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As a new strain of coronavirus (COVID-19) swept through the world in 2020, preparedness plans, masking policies and more public policy changed just as quickly. WVXU has covered the pandemic's impact on the Tri-State from the very beginning, when on March 3, 2020, Ohio Gov. Mike DeWine barred spectators from attending the Arnold Sports Festival in Columbus over concerns about the virus, even though Ohio had yet to confirm a single case of COVID-19.

Hamilton County Reports Higher COVID-19 Cases Ahead Of Long Holiday Weekend

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Hamilton County Health Commissioner Greg Kesterman said colleges opening up and people traveling for the long Labor Day weekend increases the risk for community spread.

For the first time in more than a month, Hamilton County health officials are reporting an increase in positive COVID-19 cases.
Since last Wednesday, there have been 622 new positive COVID cases reported in the county. Last week, that number was 404 new cases.

The county did report a decline in new hospitalizations and deaths.

The county's reproductive number is now 1.22. It had been below 1 for the last five weeks, meaning COVID-19 was not actively spreading in the county. A number higher than 1 indicates more community spread.

"We know that there's a lot happening in the county; particularly we know a lot of schools and colleges are starting to open up," said Hamilton County Health Commissioner Greg Kesterman. "And with these things opening back up, it does increase the opportunity for COVID spread within our community."

Greg Kesterman said they're particularly concerned about the higher numbers in the 18 to 24 age group.

"We know that the positivity rate in this group was around 6% positive and now this group is much closer to 20%," Kesterman said. "The number of tests has not increased either, we're seeing this group get between 150 and 200 tests per day within the region, which means between 30 and 40 new people with COVID-19 are coming out of this age demographic."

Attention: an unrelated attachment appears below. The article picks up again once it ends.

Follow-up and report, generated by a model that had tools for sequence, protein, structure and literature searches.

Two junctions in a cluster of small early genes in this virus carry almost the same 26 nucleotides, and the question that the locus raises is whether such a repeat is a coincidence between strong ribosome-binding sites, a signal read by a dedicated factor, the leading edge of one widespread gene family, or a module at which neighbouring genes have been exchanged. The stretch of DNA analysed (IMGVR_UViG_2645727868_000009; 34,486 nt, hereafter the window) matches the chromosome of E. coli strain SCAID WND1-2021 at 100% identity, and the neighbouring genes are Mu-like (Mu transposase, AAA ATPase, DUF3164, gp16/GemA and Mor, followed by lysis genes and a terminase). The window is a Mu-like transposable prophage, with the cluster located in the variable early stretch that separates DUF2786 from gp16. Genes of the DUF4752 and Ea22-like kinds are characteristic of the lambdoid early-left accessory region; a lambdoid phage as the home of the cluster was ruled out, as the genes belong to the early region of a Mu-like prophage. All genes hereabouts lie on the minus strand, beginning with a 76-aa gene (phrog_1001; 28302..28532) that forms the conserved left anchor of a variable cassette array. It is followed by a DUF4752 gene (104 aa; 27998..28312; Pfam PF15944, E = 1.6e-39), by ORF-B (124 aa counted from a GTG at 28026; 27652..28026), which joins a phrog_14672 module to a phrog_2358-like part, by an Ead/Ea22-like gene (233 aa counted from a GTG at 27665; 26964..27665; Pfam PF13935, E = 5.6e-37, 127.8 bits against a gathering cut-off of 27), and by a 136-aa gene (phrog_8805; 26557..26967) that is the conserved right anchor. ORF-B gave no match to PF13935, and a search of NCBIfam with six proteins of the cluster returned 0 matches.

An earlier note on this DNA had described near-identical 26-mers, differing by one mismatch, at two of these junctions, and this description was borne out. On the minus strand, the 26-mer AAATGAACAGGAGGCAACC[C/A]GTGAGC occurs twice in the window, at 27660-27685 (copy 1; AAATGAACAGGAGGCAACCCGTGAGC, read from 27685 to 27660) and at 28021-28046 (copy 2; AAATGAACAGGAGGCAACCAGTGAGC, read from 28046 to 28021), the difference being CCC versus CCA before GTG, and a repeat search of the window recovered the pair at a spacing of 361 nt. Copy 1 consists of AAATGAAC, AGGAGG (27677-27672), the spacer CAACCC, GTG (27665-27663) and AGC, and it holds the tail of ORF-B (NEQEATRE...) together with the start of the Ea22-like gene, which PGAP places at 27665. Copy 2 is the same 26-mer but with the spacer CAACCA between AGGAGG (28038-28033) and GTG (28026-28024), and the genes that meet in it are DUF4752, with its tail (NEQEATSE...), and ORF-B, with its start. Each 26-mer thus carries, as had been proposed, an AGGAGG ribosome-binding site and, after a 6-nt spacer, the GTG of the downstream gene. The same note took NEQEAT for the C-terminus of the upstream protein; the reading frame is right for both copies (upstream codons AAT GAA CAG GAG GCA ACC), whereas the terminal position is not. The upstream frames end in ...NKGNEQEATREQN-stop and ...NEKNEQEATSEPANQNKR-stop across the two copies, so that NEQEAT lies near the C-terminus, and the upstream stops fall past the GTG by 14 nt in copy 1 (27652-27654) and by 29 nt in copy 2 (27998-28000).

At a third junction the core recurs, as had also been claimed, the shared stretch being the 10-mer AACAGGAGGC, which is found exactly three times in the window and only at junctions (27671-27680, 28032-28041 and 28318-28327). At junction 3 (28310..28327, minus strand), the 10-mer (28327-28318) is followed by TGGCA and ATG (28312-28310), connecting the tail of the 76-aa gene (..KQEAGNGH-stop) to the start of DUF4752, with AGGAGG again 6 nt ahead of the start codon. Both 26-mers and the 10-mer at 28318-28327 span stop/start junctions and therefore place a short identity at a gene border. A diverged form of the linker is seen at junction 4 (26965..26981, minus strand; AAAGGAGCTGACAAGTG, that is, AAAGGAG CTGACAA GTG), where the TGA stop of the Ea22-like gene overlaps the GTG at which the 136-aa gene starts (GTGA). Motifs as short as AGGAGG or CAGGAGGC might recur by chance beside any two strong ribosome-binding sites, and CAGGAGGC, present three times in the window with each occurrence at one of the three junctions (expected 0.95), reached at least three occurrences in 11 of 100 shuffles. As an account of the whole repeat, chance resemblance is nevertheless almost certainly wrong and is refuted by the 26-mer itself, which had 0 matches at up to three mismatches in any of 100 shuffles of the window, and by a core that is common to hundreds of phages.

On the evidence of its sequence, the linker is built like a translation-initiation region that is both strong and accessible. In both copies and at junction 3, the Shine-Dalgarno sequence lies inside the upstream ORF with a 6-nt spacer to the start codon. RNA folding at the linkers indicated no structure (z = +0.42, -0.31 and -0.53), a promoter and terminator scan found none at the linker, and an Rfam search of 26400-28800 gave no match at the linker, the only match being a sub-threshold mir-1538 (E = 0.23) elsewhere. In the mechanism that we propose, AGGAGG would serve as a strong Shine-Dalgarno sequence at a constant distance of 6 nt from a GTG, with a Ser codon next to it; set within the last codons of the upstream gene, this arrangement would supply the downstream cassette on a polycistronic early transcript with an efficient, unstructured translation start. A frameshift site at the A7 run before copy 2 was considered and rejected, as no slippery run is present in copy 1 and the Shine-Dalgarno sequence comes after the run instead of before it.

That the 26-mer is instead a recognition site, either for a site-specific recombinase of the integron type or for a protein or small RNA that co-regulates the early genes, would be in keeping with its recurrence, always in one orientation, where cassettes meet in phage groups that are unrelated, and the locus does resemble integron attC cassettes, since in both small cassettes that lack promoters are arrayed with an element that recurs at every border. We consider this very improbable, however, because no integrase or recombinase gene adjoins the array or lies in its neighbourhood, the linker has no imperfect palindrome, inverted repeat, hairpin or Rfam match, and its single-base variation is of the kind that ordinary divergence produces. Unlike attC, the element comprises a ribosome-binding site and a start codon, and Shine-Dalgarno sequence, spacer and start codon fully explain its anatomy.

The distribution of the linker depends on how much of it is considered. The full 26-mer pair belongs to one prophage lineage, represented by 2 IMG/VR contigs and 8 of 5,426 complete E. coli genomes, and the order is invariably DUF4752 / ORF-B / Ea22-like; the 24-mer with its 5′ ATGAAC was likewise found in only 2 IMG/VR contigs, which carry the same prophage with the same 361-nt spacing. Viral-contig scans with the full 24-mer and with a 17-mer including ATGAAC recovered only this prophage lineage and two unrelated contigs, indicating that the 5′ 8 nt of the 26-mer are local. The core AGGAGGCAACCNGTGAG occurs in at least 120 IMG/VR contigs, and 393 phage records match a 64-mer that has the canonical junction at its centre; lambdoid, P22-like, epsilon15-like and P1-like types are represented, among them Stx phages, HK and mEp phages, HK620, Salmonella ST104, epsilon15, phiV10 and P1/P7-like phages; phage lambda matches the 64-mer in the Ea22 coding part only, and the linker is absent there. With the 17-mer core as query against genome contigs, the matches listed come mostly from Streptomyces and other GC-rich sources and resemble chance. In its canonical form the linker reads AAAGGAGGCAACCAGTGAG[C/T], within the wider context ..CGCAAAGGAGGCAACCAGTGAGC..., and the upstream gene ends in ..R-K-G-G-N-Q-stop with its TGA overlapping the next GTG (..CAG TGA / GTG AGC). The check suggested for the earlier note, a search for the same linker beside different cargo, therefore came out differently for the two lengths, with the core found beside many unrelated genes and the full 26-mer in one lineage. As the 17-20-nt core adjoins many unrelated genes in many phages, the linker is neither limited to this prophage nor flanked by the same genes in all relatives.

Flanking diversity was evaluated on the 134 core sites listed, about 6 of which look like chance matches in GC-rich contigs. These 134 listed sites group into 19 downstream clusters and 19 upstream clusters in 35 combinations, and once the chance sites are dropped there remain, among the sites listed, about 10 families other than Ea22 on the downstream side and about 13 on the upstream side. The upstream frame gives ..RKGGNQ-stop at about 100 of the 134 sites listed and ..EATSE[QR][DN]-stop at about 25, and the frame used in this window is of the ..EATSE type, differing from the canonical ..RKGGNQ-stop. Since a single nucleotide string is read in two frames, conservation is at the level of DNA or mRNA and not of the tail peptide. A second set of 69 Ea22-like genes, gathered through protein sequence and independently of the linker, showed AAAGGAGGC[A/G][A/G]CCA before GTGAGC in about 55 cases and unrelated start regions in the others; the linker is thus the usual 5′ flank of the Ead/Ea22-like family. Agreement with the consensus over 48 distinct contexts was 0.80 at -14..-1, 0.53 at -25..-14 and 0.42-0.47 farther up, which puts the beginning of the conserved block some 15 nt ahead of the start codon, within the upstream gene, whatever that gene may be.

Kesterman, like state and national officials, is urging people to use caution as they celebrate the Labor Day holiday this weekend.  Again, he said that's especially important for the 18 to 24 age group.

"If you're bringing your college kids home for a party with grandma and grandpa, and mom and dad and others, it's time to really remember social distancing is important," Kesterman said. "It's also important if you're one of those college students, and has taken a few more chances, that you step up and be the responsible adult and don't spread it to your family. We want to make sure that we are safely able to celebrate Labor Day this weekend but not cause an increase in COVID-19 cases."

Hamilton County Commission President Denise Driehaus said people can still get together, it's just a matter of how they get together.

"You know you've got to wear the mask, you've got to stay distanced," Driehaus said. "If you're drinking a beer or eating a burger, that's fine, you have to take off your mask, but don't do it near someone that's not what I call your bubble, not an immediate family member that you live with."

Right now, the county is "orange" on the Ohio Health Department's advisory map. That could increase to the "red" level Thursday when an updated map is released because of an increasing number of COVID cases.


Jay Hanselman brings more than 10 years experience as a news anchor and reporter to 91.7 WVXU. He came to WVXU from WNKU, where he hosted the local broadcast of All Things Considered. Hanselman has been recognized for his reporting by the Kentucky AP Broadcasters Association, the Ohio Society of Professional Journalists, and the Ohio AP Broadcasters.